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The Quad: Retail therapy relieves stress, but may be taxing in the long term

(Muling Shi/Daily Bruin)

By Stephanie Foo

Dec. 10, 2018 12:29 p.m.

It’s officially finals week, which means more stress and unfortunately less money in my wallet as I attempt to shop all my worries away.

Whenever the stress of studying for class, the disappointment of receiving a bad grade, or anxiety of balancing extracurriculars becomes unbearable, I never fail to crack open my laptop, browse the Sephora website, and walk away with at least $50 worth of makeup. Indulging in retail therapy is a common practice used in response to overwhelming situations.

According to TIME magazine, retail therapy is defined as shopping and spending money to improve one’s mood. While many of us recognize how good it makes us feel, why do we do it – and more importantly, does it work to relieve stress?

Whether you are a struggling college student or busy adult, retail therapy is a common coping mechanism to overcome our day-to-day anxiety and brighten our mood. Ebates.com, an icon for online cashback shopping, revealed in a survey that more than half of Americans indulge in retail therapy, which does not come as a surprise considering our culture of consumerism and the daily grind of life. Additionally, Americans are stress-prone – according to HuffPost, 77 percent of Americans admit to regularly feeling stressed, leading some to stress shop.

“I don’t do it often, but when I do, I binge,” said Lauren Mignogna, a first-year biology student. “It’s a stress reliever.”

The New York Post cites, in addition to stress, other top reasons people indulge in retail therapy: boredom, a busy schedule, relief from anxiety and relationship problems.

Nevertheless, an overarching psychological thread behind our shopping compulsion remains: When overwhelmed with the daily grind of life, we often turn to temporary distractions to mend our mind and soul. According to a report in the Journal of Consumer Psychology, researchers found that retail therapy can lend the shopper a stronger sense of control over their own lives, alleviating sadness.

When one experiences sadness and falls into a bad mood, it is commonplace to feel as if external forces are the source of our unhappiness and nothing is going the way we intended. Our sense of helplessness causes us to crave control and autonomy and find situations in which we can regain control. Interestingly, a report in Psychology & Marketing found that the benefits of making small, unplanned purchases when one’s mood is down are generally positive in managing one’s mood.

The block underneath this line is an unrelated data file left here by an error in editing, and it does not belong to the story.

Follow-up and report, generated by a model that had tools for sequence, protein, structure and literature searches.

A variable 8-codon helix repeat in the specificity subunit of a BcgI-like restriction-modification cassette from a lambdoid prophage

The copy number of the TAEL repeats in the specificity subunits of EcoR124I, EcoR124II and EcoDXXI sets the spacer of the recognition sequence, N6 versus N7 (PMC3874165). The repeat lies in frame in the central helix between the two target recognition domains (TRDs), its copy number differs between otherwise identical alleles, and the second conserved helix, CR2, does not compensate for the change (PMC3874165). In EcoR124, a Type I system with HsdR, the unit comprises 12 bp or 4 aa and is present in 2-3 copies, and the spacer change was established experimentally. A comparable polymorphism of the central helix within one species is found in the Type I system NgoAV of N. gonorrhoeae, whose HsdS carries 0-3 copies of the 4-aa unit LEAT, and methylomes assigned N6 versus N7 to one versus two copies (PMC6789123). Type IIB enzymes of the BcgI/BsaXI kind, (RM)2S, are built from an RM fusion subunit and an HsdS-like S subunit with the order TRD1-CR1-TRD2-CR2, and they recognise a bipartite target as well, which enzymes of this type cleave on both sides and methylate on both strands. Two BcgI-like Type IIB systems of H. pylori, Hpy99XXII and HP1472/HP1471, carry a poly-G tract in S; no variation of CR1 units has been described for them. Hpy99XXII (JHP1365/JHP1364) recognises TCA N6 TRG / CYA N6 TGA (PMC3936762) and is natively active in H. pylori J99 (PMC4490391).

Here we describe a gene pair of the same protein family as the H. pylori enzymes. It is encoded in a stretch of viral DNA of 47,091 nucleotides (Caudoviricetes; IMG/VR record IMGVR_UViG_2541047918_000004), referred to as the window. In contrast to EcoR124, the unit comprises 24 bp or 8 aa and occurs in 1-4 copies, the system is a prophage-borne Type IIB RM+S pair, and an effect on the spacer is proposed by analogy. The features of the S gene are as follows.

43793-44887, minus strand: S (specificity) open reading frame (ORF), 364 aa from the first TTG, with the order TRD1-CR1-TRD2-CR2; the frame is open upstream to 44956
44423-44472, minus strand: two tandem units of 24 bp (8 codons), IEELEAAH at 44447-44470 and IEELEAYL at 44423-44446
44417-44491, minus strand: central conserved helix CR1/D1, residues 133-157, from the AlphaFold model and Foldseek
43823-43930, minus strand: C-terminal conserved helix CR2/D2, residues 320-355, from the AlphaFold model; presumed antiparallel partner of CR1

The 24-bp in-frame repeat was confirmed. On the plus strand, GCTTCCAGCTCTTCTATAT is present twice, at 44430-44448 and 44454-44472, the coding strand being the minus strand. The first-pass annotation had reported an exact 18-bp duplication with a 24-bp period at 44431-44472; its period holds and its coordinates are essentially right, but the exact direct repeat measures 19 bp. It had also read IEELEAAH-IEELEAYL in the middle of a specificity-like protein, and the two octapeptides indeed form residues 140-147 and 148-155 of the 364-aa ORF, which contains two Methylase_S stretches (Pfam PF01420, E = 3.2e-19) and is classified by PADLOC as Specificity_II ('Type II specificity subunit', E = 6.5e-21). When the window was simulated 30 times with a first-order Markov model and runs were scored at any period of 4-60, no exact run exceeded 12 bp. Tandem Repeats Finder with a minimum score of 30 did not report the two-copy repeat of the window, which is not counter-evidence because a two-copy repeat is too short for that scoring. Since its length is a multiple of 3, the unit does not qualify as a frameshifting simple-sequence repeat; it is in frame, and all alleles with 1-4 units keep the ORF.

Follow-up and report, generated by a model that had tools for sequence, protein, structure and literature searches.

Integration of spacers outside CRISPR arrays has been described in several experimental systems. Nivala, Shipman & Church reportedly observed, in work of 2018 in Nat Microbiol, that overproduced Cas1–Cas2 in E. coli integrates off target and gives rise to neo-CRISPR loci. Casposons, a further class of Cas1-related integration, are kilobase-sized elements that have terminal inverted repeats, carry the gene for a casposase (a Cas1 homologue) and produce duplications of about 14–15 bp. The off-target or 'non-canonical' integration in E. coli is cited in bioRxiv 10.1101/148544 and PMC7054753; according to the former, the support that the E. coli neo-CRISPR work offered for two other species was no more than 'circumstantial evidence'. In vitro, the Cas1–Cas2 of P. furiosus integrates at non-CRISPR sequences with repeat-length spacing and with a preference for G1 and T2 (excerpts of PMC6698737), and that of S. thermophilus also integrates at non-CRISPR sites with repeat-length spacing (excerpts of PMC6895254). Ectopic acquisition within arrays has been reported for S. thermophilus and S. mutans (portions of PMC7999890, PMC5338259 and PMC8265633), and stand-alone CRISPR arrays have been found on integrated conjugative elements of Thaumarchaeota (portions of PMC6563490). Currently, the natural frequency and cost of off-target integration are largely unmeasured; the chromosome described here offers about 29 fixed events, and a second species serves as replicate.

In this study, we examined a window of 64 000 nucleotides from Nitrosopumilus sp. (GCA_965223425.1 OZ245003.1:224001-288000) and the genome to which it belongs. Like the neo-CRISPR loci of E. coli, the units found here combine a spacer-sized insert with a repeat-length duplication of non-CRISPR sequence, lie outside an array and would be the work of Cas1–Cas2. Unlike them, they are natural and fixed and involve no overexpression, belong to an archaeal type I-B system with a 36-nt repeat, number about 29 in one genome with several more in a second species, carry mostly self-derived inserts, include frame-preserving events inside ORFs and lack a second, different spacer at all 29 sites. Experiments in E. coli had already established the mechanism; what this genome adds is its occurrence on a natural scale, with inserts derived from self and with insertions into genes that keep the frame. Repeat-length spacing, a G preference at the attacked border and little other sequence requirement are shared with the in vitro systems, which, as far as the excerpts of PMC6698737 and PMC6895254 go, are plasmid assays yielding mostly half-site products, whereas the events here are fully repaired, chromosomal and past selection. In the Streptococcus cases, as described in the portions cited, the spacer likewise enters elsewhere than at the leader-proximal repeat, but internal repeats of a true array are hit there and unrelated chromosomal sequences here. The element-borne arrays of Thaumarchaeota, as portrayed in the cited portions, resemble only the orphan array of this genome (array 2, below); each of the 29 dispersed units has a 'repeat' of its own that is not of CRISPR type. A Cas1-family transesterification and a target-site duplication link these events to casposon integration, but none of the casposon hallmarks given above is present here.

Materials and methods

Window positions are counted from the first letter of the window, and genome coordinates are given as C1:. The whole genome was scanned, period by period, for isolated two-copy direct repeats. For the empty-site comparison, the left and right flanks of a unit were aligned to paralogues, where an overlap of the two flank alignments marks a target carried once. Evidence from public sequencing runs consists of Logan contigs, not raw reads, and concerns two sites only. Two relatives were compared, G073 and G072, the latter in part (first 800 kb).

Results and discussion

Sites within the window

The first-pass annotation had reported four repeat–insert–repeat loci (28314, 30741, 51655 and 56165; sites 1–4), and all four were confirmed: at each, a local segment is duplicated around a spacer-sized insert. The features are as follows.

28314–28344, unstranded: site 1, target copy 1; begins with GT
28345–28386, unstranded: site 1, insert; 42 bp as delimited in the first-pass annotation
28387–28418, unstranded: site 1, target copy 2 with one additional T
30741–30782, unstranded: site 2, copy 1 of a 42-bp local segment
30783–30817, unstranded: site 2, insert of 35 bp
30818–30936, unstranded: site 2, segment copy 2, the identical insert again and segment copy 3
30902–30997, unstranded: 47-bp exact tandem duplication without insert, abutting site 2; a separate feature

“Shopping gets us sensing and that gets us out of our own thoughts,” clinical psychologist Scott Bea said in an interview with Cleveland Clinic, a nonprofit academic center.

UCLA students are definitely no strangers to stressful circumstances and retail therapy.

“It just contracts the hectic nature of my daily life, and allows me to indulge in my temptations and have control,” said Adele Nguyen, a second-year biochemistry student.

Nguyen said the feeling of scrolling through clothing and other items and deciding what to buy was a therapeutic release and escape from her classes and responsibilities. Given all the opportunities, obligations and work a college student must endure, it is natural to find joy in something as simple as shopping.

Her perception of shopping is not uncommon. In fact, the view that shopping serves as a positive outlet dates all the way back to the postwar era after World War II. As industrial America emerged and the economy grew, Americans’ quality of life increased and businesses expanded, which allowed many to spend more and find pleasure in it. According to a study done by Swap.com, Americans revealed that more than 22 percent of their shopping was to fulfill pleasure, not need.

While retail therapy initially cures us of our emotional distress, there can be lingering implications of one too many purchases. For instance, buyer’s remorse is when one makes certain purchases and later wishes they had made a different decision, which is one of the first signs that the act of shopping has become detrimental to your wallet and emotional health.

Although a little retail therapy from time to time isn’t too consequential, continuously relying on shopping to reign in one’s emotions can lead to compulsive shopping, something 7 percent of American consumers participate in. Research conducted at Indiana University drew a direct correlation between the urge to shop and the desire for a rush or high exemplified by drug or alcohol users.

Retail therapy can definitely be a fun and relaxing time to blow off steam, but when too much time is spent on websites and in stores, your wallet won’t be the only thing that is drained. In moderation, however, retail therapy may just cure you of some of your finals week worries.

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Stephanie Foo
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